Submitted by Mason Health
Since December 2020, when the first COVID-19 vaccines became available, hundreds of Mason Health and Mason County Public Health employees and volunteers have worked tirelessly behind the scenes to ensure that the vaccines reach anyone who is eligible and willing to receive the shot. This perseverance and dedication has earned Mason Health and Mason County Public Health recognition as 2021 Health Care Champions from the Thurston County Chamber and Thurston-Mason County Medical Society. The awards ceremony was held Aug. 31, at the OIympia Country & Golf Club. COVID restrictions were in place.
Mason Health’s COVID vaccine team leaders Nicole Eddins, PharmD, Senior Director of Ancillary Services, and Terri Gushee, RN, Director of Population Health, accepted the award on Mason Health’s behalf, while David Windom, Director of Mason County Community Services, and Lydia Buchheit, Manager of Mason County Public Health, represented Mason County.
“I am honored, but I represent a lot of people,” Eddins said. “One of the biggest takeaways from what we’ve done comes down to the fact that it takes a village to take care of that village. There is no way anyone could do something like this singlehandedly.”
The Health Care Champions award is in its 15th year. The event was created to recognize the everyday heroic acts, steadfast dedication, extraordinary service and professionalism seen frequently in our community’s medical offices, clinics, hospitals, emergency services and related organizations of our community.
“This is a way to recognize professionals in our community’s largest industry,” says Thurston County Chamber President and CEO David Schaffert. “To honor those who already work so hard and have gone above and beyond the call of duty, particularly during the ongoing COVID-19 response.”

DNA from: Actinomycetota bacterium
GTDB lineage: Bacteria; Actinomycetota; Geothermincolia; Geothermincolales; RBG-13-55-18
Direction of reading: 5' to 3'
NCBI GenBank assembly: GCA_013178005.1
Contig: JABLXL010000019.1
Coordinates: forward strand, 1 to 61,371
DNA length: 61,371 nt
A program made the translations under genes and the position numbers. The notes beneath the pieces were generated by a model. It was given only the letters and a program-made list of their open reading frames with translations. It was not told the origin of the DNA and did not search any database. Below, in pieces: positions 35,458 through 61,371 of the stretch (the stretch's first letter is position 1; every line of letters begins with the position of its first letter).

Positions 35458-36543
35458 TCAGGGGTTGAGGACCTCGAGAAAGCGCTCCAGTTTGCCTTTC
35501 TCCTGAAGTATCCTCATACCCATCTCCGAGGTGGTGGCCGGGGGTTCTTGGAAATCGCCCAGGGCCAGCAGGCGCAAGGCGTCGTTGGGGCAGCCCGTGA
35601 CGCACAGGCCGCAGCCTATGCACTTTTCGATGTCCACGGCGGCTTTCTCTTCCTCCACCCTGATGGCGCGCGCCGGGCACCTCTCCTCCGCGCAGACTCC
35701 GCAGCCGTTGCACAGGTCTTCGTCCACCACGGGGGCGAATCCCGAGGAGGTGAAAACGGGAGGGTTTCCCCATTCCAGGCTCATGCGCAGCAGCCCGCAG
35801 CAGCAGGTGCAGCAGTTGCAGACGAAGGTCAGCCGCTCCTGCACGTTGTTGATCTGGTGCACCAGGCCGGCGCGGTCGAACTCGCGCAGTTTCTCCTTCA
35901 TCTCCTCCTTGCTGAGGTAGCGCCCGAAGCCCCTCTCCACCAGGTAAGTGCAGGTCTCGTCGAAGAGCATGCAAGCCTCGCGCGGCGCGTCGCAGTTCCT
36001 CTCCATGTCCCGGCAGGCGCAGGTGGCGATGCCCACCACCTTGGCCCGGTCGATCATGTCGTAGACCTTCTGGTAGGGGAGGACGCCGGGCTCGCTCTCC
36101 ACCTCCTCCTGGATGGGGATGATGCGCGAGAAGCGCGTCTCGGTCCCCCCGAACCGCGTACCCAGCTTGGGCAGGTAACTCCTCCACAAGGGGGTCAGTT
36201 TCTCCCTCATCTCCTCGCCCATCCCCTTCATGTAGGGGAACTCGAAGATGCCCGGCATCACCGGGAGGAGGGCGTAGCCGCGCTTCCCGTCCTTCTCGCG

Mason Health has administered more than 25,000 COVID vaccines since December 2020. Since January, Mason Health has partnered with Mason County Public Health on mass vaccination events, starting with a drive-thru event at Mountainview Elementary School. Subsequently, county vaccination events have taken place in partnership with Shelton School District, the Ridge Motorsports Park and the Port of Shelton. Mason Health has also held more than two dozen smaller pop-up events at places such as the Mason County Senior Activities Center, Taylor Shellfish, Mason County Jail, local homeless shelters, nursing homes, prisons and more.
“Among others, we partnered with St. Edward’s Catholic Church and their Hispanic outreach coordinators,” Gushee said. “This collaboration was a great learning experience and led to a very successful turnout. Overall, partnerships between the District and other community organizations helped us recognize those people who faced systemic health and social inequities and tackle many health barriers that exist.”
Together with Shelton School District, Mason Health created a team of bilingual and trilingual partners to meet the language challenges. Connecting with employers from local organizations helped Mason Health reach agriculture workers, timber workers, school employees, law enforcement and utility workers.
“We quickly learned that bringing the vaccines out to the community is the only way to stop the spread of COVID-19,” Gushee said. “No one is safe from the virus until everyone is safe. It does take a community effort.”
This community effort would not have been possible without the leadership at Mason County Public Health, a division of Mason County Community Services. Windom and Buchheit’s teams learned to quickly pivot and adjust plans to meet the needs of the community.
“Our efforts went well when you consider we had to adjust, adjust, adjust,” Windom said. “We adjusted based on the different locations, we adjusted based on vaccine availability, we adjusted our timeline, everything. What worked well was the collaboration with our partners – Mason Health, the schools, the Port of Shelton and Peninsula Community Health Services in the north end of the county. We had so many volunteers and we had so much fun. We have an outstanding department and an outstanding crew that has been with us the whole time, including the Department of Emergency Management.”
The next steps for Mason Health are addressing vaccine hesitancy and planning for COVID-19 vaccine boosters. Eddins encourages patients to speak to their health care providers about the COVID-19 vaccine if they have any questions. Information about the COVID-19 vaccines and availability can be found on the Mason Health website.
Mason Health, Public Hospital District No. 1 of Mason County, is certified by Det Norske Veritas (DNV) and is a licensed and accredited acute care hospital with a level four emergency trauma designation. There are more than 100 physicians on staff in 19 specialties. For more information or to find a health care provider, visit the Mason Health website.